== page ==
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Civil Rights Moonwalk: Michael Jackson, Armond White, and Democracy
Posted By Micah Towery On December 3, 2010 @ 8:00 am In Film and TV,Reviews & Interviews,Society | 5 Comments
We’ve all justified seeing a particular movie or following a TV show by saying “It’s terrible, but it’s just entertainment/pop/etc.”–I know I have. There’s that niggling feeling that we should not have enjoyed that film/show as much as we did. But this justification is an easy-out, something that is surprisingly accepted among even the most erudite and critically astute circles. Indeed, it seems acceptable even in modern critical discourse about film. For Armond White, this is an indefensible critical blasphemy. And as difficult as the line is to hold (and exhausting, to be honest), I find I must agree with him.
I’ll get into that in a few paragraphs, but first I want to look at White’s incredible self-published collection of essays on Michael Jackson–Keep Moving: The Michael Jackson Chronicles–which I hope to will serve as the foundation for a general exploration of White’s idea of criticism and argument for why I think White is an important critic.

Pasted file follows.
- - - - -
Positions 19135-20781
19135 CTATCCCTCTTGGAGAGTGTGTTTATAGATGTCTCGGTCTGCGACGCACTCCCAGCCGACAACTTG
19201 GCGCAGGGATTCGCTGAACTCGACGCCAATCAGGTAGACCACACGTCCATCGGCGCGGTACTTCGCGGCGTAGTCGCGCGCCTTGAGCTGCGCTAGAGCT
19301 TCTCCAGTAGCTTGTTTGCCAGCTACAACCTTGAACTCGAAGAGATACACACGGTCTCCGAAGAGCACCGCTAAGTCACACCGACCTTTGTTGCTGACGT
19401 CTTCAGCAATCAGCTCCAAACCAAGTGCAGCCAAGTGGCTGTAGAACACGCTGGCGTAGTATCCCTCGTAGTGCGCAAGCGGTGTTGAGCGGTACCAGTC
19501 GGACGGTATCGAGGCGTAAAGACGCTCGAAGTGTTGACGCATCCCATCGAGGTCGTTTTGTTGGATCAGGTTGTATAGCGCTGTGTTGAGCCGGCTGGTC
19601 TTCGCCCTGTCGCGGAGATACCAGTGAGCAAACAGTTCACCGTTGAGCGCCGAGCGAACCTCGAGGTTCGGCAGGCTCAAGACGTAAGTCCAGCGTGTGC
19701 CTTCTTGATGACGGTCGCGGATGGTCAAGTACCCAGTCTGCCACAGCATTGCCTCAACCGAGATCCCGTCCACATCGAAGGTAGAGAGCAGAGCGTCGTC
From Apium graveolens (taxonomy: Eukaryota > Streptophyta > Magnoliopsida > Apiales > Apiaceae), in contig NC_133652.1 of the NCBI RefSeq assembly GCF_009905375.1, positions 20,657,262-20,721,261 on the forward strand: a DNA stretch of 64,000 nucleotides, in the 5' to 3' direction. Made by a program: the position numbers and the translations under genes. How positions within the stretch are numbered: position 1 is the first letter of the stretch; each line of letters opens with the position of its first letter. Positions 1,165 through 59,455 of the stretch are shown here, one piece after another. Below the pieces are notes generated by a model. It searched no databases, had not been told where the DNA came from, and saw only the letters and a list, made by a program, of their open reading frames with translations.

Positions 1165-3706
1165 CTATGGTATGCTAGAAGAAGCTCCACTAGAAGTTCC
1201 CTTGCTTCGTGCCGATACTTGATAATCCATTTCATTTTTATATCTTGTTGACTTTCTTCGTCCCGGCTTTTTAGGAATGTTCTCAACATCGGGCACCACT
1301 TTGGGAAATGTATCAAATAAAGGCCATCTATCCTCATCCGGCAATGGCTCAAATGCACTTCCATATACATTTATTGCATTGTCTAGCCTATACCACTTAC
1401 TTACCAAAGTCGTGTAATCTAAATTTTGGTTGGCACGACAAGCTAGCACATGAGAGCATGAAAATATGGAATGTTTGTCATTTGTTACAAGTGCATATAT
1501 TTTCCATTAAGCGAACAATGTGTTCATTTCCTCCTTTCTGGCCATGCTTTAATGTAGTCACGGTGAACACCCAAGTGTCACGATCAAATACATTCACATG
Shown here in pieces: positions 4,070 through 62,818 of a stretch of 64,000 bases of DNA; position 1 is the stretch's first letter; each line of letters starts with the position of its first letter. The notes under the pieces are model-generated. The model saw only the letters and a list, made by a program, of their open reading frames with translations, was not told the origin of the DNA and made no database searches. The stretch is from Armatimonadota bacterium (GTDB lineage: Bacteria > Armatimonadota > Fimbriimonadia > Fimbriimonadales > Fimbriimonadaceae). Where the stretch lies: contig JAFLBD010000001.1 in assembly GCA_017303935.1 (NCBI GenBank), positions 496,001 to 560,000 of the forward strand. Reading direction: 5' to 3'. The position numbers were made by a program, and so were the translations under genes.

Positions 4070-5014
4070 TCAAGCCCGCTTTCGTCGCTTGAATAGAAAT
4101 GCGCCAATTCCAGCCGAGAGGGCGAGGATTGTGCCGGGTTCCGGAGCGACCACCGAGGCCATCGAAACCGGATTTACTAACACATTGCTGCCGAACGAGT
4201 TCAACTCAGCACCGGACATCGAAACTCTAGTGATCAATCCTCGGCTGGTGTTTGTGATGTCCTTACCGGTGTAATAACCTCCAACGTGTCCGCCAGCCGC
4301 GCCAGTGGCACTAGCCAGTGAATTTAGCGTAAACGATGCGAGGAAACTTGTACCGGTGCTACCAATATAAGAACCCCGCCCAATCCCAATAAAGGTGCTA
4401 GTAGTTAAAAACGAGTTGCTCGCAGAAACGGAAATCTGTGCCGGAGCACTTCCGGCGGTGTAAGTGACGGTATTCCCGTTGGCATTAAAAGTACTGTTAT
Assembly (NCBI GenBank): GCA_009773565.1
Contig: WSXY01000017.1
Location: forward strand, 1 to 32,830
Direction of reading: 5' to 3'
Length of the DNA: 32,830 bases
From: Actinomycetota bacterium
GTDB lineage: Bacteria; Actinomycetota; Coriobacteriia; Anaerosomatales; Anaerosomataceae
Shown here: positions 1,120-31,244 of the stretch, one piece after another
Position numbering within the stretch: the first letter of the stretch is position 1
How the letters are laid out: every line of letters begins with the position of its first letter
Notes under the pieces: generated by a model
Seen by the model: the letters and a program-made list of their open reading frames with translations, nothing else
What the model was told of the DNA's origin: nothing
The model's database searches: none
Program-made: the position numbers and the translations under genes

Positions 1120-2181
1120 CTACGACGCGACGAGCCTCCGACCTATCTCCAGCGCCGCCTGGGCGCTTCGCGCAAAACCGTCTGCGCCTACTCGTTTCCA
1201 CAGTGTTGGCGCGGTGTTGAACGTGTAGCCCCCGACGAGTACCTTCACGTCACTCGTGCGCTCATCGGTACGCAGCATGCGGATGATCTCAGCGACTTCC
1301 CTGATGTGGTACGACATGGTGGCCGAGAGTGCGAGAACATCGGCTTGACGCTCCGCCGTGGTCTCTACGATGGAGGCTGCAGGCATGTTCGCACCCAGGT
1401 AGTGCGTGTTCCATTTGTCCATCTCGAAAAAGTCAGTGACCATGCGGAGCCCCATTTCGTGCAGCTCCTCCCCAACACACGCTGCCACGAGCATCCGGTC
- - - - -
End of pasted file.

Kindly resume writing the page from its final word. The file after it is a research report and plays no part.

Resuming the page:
While reading through Keep Moving, readers can watch White evolve as a critic. The essays themselves are various pieces that White wrote concerning Michael Jackson from the mid-80s onward. While the insights about Jackson are impressive, what is more interesting to me (for the moment) is how these essays give context and depth to what is too often dismissed as a troll-like, curmudgeonly attitude by critics of the critic. White explains his own evolution:
In reviewing my Jackson pieces [for the book]…I was forced to recall my own relationship to Jackson. It had changed from my customary critical skepticism to sincere awe. I wasn’t the biggest fan of Thriller when it first appeared in 1982; it didn’t fit in with my rockist criteria for album art. But Thriller won the world for its superlatively crafted program of single tracks; it was an album in music culture’s original sense–a collation–while I was infatuated with the cohesive impudence of Prince’s 1999….I was not prepared for the subtle revolution of Thriller.